The following case study shows how we try to help people who are worried about an older person who they are close to.
Candice* called the Helpline regarding her mother, Betty, who is 85 years old and lives in her own home. Candice’s brother Bruce has been living with Betty on and off all his life. He has a history of mental illness and drug addiction. Candice told the helpline advocate that Bruce is not paying his way and treats her mother poorly, but that Betty is too scared to do anything about it. Candice doesn’t think her mother will call Seniors Rights Victoria to discuss the situation.
The Helpline advocate listens to Candice’s concerns. The advocate explains Seniors Rights Victoria’s role and discusses strategies for Candice to encourage Betty to make contact through the Helpline.
“We also tell her to tell her mother that we are a free and confidential service and that we will not make her mother do anything she doesn’t want to do,” said Seniors Rights Victoria Manager Jenny Blakey.
If Betty is willing to participate in an advice call, one of SRV’s lawyers can provide her with legal advice about her legal options, and an Advocate will be able to talk to Betty about supports available to her – and even to Bruce, if he will accept them.
The Helpline Advocate will also talk directly to Candice about what some of those supports may be in case Betty doesn’t want to talk with one of Senior Rights Victoria’s lawyers or advocates.
A few weeks later Candice calls with Betty on the line and introduces her to the Advocate who explains SRV service. After some discussion and reassurance, Betty agrees to an appointment with a lawyer and advocate. We take some details from Betty and make a time to call her back when it suits her and when she is in a place where she feels safe.
“We explain that we will need to talk to Betty on her own (without Candice present) to ensure that she isn’t being unduly influenced by Candice, but, with Betty’s consent, we can talk with Candice after we speak with Betty,” Ms Blakey said. “This process supports our service’s primary ethos which is to empower and advocate on behalf of the older person.”
*Names have been changed to maintain privacy and protect the confidentiality of our clients.
According to Seniors Rights Victoria Advocacy Coordinator Philippa Campbell the empowerment ethos allows an older person to make informed decisions about the events affecting them, even if that decision is to take no action.
“Loss of independence is a big challenge for people as we age. So we seek to speak with the older person to give them the support to choose what they want to do. We won’t do anything the older person doesn’t want us to do,” Philippa said.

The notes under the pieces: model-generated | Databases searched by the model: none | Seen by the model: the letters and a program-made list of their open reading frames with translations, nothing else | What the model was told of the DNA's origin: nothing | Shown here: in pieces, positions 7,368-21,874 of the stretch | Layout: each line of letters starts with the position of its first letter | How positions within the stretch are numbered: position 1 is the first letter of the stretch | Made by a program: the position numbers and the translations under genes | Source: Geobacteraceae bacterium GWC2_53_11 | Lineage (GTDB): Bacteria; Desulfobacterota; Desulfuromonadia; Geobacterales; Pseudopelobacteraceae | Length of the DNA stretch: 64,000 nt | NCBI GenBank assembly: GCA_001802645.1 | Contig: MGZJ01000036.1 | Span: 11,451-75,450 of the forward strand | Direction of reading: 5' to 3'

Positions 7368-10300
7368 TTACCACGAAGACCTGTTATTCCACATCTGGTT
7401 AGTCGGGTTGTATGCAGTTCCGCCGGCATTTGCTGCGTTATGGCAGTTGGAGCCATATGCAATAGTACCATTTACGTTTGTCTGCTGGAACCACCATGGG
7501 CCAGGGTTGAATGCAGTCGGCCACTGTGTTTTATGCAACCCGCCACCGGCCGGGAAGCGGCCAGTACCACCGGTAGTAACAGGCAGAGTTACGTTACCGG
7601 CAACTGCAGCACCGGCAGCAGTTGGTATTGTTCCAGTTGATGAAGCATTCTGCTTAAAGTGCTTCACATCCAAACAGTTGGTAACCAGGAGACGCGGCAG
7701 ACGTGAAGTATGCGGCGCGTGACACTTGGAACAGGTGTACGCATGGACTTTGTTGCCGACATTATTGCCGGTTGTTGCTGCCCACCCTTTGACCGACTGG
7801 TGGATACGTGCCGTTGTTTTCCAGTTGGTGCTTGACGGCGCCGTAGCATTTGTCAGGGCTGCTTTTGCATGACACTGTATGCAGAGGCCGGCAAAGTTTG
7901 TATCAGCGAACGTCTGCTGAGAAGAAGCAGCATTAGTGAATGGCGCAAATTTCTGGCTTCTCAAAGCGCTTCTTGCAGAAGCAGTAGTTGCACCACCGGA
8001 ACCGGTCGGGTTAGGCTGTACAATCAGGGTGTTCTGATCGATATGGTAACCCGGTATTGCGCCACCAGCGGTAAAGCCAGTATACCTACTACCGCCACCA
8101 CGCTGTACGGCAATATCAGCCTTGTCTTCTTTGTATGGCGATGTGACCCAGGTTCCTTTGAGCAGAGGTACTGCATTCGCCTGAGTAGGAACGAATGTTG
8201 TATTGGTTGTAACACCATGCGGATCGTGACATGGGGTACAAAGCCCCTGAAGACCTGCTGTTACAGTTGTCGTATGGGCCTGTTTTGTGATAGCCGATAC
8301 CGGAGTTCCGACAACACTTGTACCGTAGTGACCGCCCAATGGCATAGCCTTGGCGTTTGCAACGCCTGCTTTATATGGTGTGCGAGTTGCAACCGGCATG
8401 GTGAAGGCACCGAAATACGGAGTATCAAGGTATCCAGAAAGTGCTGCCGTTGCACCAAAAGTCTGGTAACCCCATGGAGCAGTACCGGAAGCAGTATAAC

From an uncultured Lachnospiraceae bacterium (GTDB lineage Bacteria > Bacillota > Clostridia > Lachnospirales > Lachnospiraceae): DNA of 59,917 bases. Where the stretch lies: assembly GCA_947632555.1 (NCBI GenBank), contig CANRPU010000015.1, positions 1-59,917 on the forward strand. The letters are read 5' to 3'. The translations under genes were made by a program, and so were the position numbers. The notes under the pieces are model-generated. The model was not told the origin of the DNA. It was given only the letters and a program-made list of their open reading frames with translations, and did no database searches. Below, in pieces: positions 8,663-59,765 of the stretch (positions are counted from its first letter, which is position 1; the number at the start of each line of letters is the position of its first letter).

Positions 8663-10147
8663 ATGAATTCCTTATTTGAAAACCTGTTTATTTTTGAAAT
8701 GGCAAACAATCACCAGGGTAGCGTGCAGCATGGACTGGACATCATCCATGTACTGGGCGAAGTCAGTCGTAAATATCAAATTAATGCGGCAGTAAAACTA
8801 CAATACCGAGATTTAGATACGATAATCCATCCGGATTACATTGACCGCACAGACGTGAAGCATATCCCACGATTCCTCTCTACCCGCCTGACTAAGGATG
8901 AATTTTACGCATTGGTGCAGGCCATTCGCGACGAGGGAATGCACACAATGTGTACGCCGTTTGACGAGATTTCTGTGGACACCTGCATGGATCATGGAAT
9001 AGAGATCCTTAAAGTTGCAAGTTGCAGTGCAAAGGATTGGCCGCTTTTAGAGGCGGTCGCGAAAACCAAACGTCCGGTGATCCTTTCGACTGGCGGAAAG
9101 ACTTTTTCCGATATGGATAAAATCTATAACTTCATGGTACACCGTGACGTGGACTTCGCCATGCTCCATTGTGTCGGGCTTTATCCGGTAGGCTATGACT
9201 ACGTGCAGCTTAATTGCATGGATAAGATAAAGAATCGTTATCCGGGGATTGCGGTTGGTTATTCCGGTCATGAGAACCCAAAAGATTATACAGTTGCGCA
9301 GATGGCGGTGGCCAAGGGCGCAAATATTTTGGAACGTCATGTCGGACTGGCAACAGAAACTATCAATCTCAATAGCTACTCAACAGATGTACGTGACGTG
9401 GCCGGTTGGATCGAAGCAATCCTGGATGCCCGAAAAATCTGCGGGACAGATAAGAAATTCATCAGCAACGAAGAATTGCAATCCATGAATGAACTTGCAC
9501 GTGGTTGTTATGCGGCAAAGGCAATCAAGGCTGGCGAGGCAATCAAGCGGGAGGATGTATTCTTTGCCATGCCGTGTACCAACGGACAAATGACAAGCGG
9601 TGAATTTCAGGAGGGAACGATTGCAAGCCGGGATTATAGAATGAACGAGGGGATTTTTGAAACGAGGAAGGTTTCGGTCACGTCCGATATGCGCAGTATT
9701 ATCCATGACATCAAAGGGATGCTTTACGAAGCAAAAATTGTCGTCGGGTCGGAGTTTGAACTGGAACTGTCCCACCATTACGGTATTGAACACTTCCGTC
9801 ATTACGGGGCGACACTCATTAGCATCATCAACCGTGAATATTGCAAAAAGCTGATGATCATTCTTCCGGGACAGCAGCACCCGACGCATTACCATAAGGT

“We’ve researched the barriers for older people to disclosing abuse and taking action. We know in most cases they don’t want an adult child to be removed from their life, sometimes because they depend on them, and that they fear being shipped to an aged care facility.”
Elder abuse can be experienced by any older person, irrespective of their gender, education, socio-economic background, culture, or whether they live alone or in aged care.
“Doctors and allied health professionals are a key link in addressing elder abuse in the community. We know older people may confide their worries to them, possibly when they’re visiting for a completely different reason. There’s a confidentiality issue, so we often suggest the medical professional seeks another appointment with their patient when they can gain permission from them to call us at that time so we can speak directly with the older person or to consider a My Aged Care assessment of the older person so we can be part of the referral process.”
Dr Margot Lodge, a Consultant Physician in Geriatric Medicine at Alfred Health, agrees with the empowerment ethos and the collaborative approach of practitioners and specialist services like Seniors Rights Victoria when supporting an older person suspected of experiencing elder abuse.
As a geriatrician, Dr Lodge sees older people after acute hospital admissions such as a fall or illness, or in the outpatient clinic when the person has been experiencing deteriorating health. She works with the older person to assess what they need medically and socially to attempt to restore their health and functioning, and to determine their capacity to drive the process. It’s in these situations where she is exposed to cases of elder abuse.
If Dr Lodge suspects a case of abuse she’ll speak with the older person about the situation and the help available, so if they want to take control they know the resources available.
“It can be horribly frustrating as a front-line clinician to hear about these family experiences and know the older person is willing to minimise their safety for the sake of family relationships. There’s often been lots of conflict and lots of time and the deferred position tends to be not to through your relation under the bus,” Dr Lodge said.
“Empowering the older person and utilising the multidisciplinary approach and specialist services definitely helps the older person, and sometimes the abuse can stop or lessen.”
Philippa said older people often find it a huge relief to speak to a person who is willing to help them find a pathway to drive the process.
“The biggest response we get is thank you for listening. The older person often comments that they have had our brochure for so long but have been nervous about making a call. But we don’t judge, we just work with them so they can understand their rights even if they don’t do anything. There is a huge relief that they have somewhere to go, that someone has their back.”
For more information on the signs and resources for elder abuse go to Senior Rights Victoria’s Service Providers Website